Pereira and Butler
Talk Comics

The web is a vast resource for comics, and you can't pick up a magazine or newspaper without seeing an interview with an on-the-rise comics artist or a brainy review of the latest graphic novel. But where do you go to find comics stuff on the vast wastelands of TV? Try G4TV, a cable channel broadcast out of Los Angeles that focuses on videogames, cool technology and, increasingly, comics and the people who create them.

Founded in 2002 and available to about 50 million cable and satellite subscribers nationally, G4TV is aimed at an audience of young consumers--technology/gaming geeks and fringe-cult hipsters aged 18-34--very much into videogames and virtually anything else connected with pop culture. More than ever, comics turn up, in one way or another, on many of the network's shows.

This is especially true on Attack of the Show, G4TV's flagship, five-day-a-week, live variety show. Attack of the Show, or AOTS, offers an hour of live reports on the latest news in gaming and technology, but there's also much about movies, animation and popular fan culture in general--all delivered in a breezy, self-consciously goofy entertainment-show format that's hosted by three genially entertaining, tech-smart hosts.

Of course the three co-hosts--Sarah Lane, Kevin Pereira and Brendan Moran--are a perfect reflection of the show's audience--and that's where comics come in. The show's supervising producer, Gavin Purcell, says the AOTS staff of hosts, writers and segment producers is aged 22 to 35, a very useful match for programming.

"We've been very interested in broadening the show's appeal beyond strictly technology to pop culture in general," says Purcell. "Our staff came of age in the 1980s, so we want to do stuff we're interested in, like comic books." As a result AOTS is a hotbed of topical stuff on comics of all kinds--from superhero and art comics to the movies and games based on them. "We cover comics people the same as movie or TV stars," says Purcell. "AOTS is like E!--it's a media show for people like us."

Over the last six months they've had Bone creator Jeff Smith in the studio; this past summer the show taped four consecutive days of AOTS co-host Kevin Pereira roaming the floor at the San Diego Comic-Con; they've interviewed John Martz from the illustration blog Drawn! about hot comics artists and spoke with Lindsay Cibos and Jared Hodges, creators of the Tokyopop OEL series Peach Fuzz, about their new how-to-draw-manga book coming from HarperCollins. AOTS also features a segment called "Fresh Ink," which offers opinionated commentary on the latest comics in the market by Blair Butler, the show's in-house "comics guru." Butler, a witty blonde and total comics nerd, also happens to be a stand-up comedian when she isn't writing for X-Play, G4TV's popular videogame review show.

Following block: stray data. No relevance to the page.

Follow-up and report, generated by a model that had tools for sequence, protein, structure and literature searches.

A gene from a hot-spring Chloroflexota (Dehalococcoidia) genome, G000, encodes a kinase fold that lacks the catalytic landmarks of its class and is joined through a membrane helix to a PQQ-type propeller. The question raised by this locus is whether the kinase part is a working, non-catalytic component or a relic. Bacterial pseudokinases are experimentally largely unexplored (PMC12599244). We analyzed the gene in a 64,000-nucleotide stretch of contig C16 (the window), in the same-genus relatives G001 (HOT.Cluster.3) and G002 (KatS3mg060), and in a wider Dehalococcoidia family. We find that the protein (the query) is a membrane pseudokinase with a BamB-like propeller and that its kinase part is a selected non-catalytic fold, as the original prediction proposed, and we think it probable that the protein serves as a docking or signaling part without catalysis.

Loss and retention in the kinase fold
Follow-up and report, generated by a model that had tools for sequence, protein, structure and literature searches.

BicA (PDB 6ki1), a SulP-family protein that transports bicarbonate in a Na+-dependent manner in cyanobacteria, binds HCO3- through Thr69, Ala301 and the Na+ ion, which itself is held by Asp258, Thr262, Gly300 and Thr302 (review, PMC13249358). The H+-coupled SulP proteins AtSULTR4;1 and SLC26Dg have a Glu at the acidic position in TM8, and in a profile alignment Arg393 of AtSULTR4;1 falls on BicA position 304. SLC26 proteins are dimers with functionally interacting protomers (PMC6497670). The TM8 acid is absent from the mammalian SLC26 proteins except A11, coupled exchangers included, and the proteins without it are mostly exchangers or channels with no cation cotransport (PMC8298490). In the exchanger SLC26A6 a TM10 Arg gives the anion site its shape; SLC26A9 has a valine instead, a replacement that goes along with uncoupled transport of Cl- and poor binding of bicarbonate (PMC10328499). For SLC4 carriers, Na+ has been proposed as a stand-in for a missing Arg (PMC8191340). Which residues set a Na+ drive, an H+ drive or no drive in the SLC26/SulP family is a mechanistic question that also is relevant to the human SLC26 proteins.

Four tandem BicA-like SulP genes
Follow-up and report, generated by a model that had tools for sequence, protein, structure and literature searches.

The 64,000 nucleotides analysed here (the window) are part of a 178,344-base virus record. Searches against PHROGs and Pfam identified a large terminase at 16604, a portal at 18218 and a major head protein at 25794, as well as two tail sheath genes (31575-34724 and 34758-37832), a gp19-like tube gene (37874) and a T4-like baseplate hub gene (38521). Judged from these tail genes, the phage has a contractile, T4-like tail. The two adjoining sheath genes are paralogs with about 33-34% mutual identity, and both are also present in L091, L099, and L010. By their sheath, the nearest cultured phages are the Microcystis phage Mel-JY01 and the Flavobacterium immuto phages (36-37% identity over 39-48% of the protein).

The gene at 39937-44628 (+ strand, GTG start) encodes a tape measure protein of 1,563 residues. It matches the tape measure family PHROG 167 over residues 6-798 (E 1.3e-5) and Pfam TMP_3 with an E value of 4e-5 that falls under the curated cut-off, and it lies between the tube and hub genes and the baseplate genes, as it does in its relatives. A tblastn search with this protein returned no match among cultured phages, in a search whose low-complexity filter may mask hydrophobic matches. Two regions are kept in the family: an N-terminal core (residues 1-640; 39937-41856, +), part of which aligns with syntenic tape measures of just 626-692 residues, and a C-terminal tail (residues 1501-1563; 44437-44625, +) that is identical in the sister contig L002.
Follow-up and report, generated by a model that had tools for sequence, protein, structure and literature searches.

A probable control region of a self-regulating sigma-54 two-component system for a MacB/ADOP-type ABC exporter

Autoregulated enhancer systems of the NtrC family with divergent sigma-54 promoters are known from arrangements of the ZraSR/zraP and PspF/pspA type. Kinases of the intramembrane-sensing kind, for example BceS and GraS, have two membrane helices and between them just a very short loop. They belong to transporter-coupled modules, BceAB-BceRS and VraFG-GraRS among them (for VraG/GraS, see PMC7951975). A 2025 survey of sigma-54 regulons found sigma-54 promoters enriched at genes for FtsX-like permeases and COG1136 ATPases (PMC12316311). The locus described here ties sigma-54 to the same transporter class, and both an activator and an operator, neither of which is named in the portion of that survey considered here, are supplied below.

Purcell grew up a Marvel and Dark Horse fan, but eventually stopped reading comics. "But the staff here got me back into it. I became fascinated with how comics had evolved since Watchmen came out. Comics just resonate with our audience, and they've become integral to our show. At our morning meetings, we always encourage our segment producers to pitch comics-related guests. We take comics very seriously"

Purcell says the AOTS co-hosts are all also interested in comics--he singles out Pereira in particular-- "but they have so much stuff to do, we knew we needed an expert and Blair just knows everything."

It's no surprise, says Butler, that AOTS turned to her. "I regularly nerd out everyone around here about comics." In recent "Fresh Ink" segments, she's raved about Alan Moore's Top Ten, singled out the Luna Brothers' Ultra and heaped praise on Desolation Jones and the zombie comic Walking Dead. She loves Brian K. Vaughan, Warren Ellis and Brian Michael Bendis's Daredevil. She praises Marvel's Ultimates and DC's All-Star Batman and expresses a certain weariness with Infinite Crisis. Oh, and she digs She-Hulk--"it's like Betty Page on 'roids.' "

Butler says she's also a fan of Optic Nerve, Blankets and "a lot of indie stuff." A fan as a kid, she also dropped comics for a while. The Authority and Planetary--"they were so dark"--brought her back. And she admits, "I'm not that much into manga, but we'll try to pick it up."

And listen -up, publishers: Purcell says he'd love to have you pitch artists to him for AOTS. "They have to be able to do live TV," he says, "but we'd love to see comics companies come to us with their artists."

He admits that manga coverage could be better--he wasn't aware of the growing OEL trend--but he says he plans even more comics coverage on AOTS in the coming year. "We're going to do even more at the San Diego Comic-con next year. It spans everything that we do. It's all the stuff we love."

"The book format has really changed everything," says Purcell, pointing to the ease of going to a bookstore to get his comics. "It's awesome. When it comes to comics, it's become a cool new world for everyone."